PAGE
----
4.8 The Bay of Fundy and the tides of climate change
1.5 Land occupancy and conservation efforts
The Bay of Fundy area comprises several large cities, but also vast stretches of fairly pristine shoreline. On the New Brunswick side, the major urban areas are the Moncton CMA (138,000 inh.), Saint-John metropolitan area (127,000 inh.), Sackville (5,558 inh.), Memramcook (4,831 inh.), Saint Stephen (4,817 inh.), and Saint-Andrews (1,889 inh.). On the Nova Scotia side, there are the Kentville urban area (14,234 inh.), Amherst (9,717 inh.), Yarmouth (6,761 inh.), and Kingston-Greenwood (6,595 inh.). There are also industrial activities located on the Bay (including a refinery, a nuclear power plant), and shipping. Shipping activities result from oil transportation, fishing and passenger ferries. Conservation areas. Agriculture plays an important part, especially in southeastern New Brunswick and in the Annapolis Valley in Nova Scotia.
The largest conservation zone is the Fundy National Park (figure 7), a federal park covering 207 km2. It receives around a quarter million visitors a year. Uses in the park are restricted to recreational and scientific uses; hunting and fishing are not allowed. There is no residential use, apart from two camping sites and there are few roads through the park.
There are also three national wildlife areas (Portobello Creek, est. 1995, Shepody, est. 1980, Tintamarre, est. 1977 in the Tantramar marshes), two migratory bird sanctuaries (Grand-Manan, est. 1931, Machias Seal Island, est. 1944) and a dozen provincial protected areas in the vicinity of the Bay of Fundy, on the New Brunswick side.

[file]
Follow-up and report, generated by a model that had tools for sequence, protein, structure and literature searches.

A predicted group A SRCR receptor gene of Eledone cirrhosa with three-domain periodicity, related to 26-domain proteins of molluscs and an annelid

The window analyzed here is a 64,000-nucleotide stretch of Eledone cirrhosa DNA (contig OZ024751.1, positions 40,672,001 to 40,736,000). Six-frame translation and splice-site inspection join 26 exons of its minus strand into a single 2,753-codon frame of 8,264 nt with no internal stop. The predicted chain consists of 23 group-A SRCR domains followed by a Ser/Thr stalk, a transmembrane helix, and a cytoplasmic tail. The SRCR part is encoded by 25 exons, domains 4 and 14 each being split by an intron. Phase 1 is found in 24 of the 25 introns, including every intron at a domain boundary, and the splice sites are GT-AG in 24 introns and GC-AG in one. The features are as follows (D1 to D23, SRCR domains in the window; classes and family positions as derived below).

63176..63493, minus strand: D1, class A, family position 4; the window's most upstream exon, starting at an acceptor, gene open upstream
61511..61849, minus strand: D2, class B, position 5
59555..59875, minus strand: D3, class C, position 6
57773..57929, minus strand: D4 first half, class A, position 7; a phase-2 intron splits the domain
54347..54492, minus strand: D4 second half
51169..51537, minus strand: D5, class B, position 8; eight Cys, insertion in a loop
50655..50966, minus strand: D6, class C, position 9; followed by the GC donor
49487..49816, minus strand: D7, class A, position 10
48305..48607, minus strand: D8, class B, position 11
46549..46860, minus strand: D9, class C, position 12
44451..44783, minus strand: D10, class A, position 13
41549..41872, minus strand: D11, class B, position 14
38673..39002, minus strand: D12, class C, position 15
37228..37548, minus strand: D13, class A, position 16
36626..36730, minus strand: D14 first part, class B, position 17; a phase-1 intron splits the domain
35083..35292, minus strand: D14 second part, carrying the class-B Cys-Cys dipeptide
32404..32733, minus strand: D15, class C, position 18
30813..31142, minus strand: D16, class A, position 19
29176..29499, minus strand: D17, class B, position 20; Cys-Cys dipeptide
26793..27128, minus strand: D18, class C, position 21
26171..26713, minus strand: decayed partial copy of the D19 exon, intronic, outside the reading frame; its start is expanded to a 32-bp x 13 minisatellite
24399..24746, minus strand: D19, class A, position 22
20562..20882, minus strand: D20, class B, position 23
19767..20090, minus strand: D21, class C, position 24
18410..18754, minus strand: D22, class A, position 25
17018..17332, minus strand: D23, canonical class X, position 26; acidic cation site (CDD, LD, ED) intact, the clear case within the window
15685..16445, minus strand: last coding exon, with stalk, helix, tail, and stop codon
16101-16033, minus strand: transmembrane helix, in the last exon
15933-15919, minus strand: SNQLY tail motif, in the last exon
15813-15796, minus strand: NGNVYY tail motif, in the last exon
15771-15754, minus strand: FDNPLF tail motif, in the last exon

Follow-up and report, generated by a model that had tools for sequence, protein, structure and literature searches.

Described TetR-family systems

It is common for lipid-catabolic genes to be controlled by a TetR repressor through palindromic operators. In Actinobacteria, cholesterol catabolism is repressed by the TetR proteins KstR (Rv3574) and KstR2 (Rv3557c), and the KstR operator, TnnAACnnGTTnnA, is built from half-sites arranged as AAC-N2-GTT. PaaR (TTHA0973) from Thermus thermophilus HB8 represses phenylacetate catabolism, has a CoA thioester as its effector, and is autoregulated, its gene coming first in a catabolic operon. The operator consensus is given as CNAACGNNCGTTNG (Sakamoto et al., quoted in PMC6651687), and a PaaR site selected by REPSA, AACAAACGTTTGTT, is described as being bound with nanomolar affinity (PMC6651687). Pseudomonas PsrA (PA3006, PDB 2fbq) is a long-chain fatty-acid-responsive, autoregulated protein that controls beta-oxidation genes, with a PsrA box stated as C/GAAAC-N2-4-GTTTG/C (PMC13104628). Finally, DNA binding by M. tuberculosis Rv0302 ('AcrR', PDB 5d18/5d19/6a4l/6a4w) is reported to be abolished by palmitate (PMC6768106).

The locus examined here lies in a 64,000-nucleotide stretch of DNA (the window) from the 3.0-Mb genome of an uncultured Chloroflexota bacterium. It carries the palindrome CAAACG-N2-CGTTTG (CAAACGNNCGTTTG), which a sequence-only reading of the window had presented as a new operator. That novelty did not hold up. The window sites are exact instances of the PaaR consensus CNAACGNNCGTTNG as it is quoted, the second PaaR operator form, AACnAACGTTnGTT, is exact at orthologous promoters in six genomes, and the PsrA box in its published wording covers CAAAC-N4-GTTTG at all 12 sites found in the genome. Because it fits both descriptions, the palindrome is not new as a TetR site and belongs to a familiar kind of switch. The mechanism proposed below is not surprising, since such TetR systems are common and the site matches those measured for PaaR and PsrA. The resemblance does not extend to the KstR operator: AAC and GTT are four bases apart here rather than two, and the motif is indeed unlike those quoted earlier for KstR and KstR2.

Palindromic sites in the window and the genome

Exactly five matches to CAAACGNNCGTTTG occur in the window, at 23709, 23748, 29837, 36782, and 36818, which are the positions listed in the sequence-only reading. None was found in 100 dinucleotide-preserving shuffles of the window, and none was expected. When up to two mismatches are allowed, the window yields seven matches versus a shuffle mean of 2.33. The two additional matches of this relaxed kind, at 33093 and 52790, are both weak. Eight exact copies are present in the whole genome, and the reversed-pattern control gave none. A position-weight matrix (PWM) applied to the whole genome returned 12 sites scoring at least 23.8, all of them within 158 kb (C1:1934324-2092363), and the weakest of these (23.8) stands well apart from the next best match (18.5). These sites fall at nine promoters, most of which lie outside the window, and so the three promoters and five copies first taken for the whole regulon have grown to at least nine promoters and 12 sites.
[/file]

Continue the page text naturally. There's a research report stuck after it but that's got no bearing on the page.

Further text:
The south-eastern part of the Bay of Fundy has been declared a biosphere reserve by UNESCO in 2007. It encompasses 442,250 ha forming the watershed of the upper Bay of Fundy. It is divided into three parts: 1) a core conservation area of 20,600 ha identical to the Fundy National Park, 2) a buffer zone of 26,124 ha which includes other protected and conservation areas and 3) a transition area of 395,552 ha formed of provincial and federal Crown lands, industrial and private forested land, agricultural and diked marshlands, municipalities, in which in theory local activities that promote sustainable development should be predominant. The management is ensured by a non-profit organization with members from the local community, park managers, municipal managers, and from academia.
The Fundy Biosphere, in partnership with researchers at Mount Allison University (project leaders Ben Phillips and Ian Mauro), have investigated the impacts of climate change on the region through a series of interviews with local and regional stakeholders. Some of the videos can be seen on the site of Climate Change in Atlantic Canada.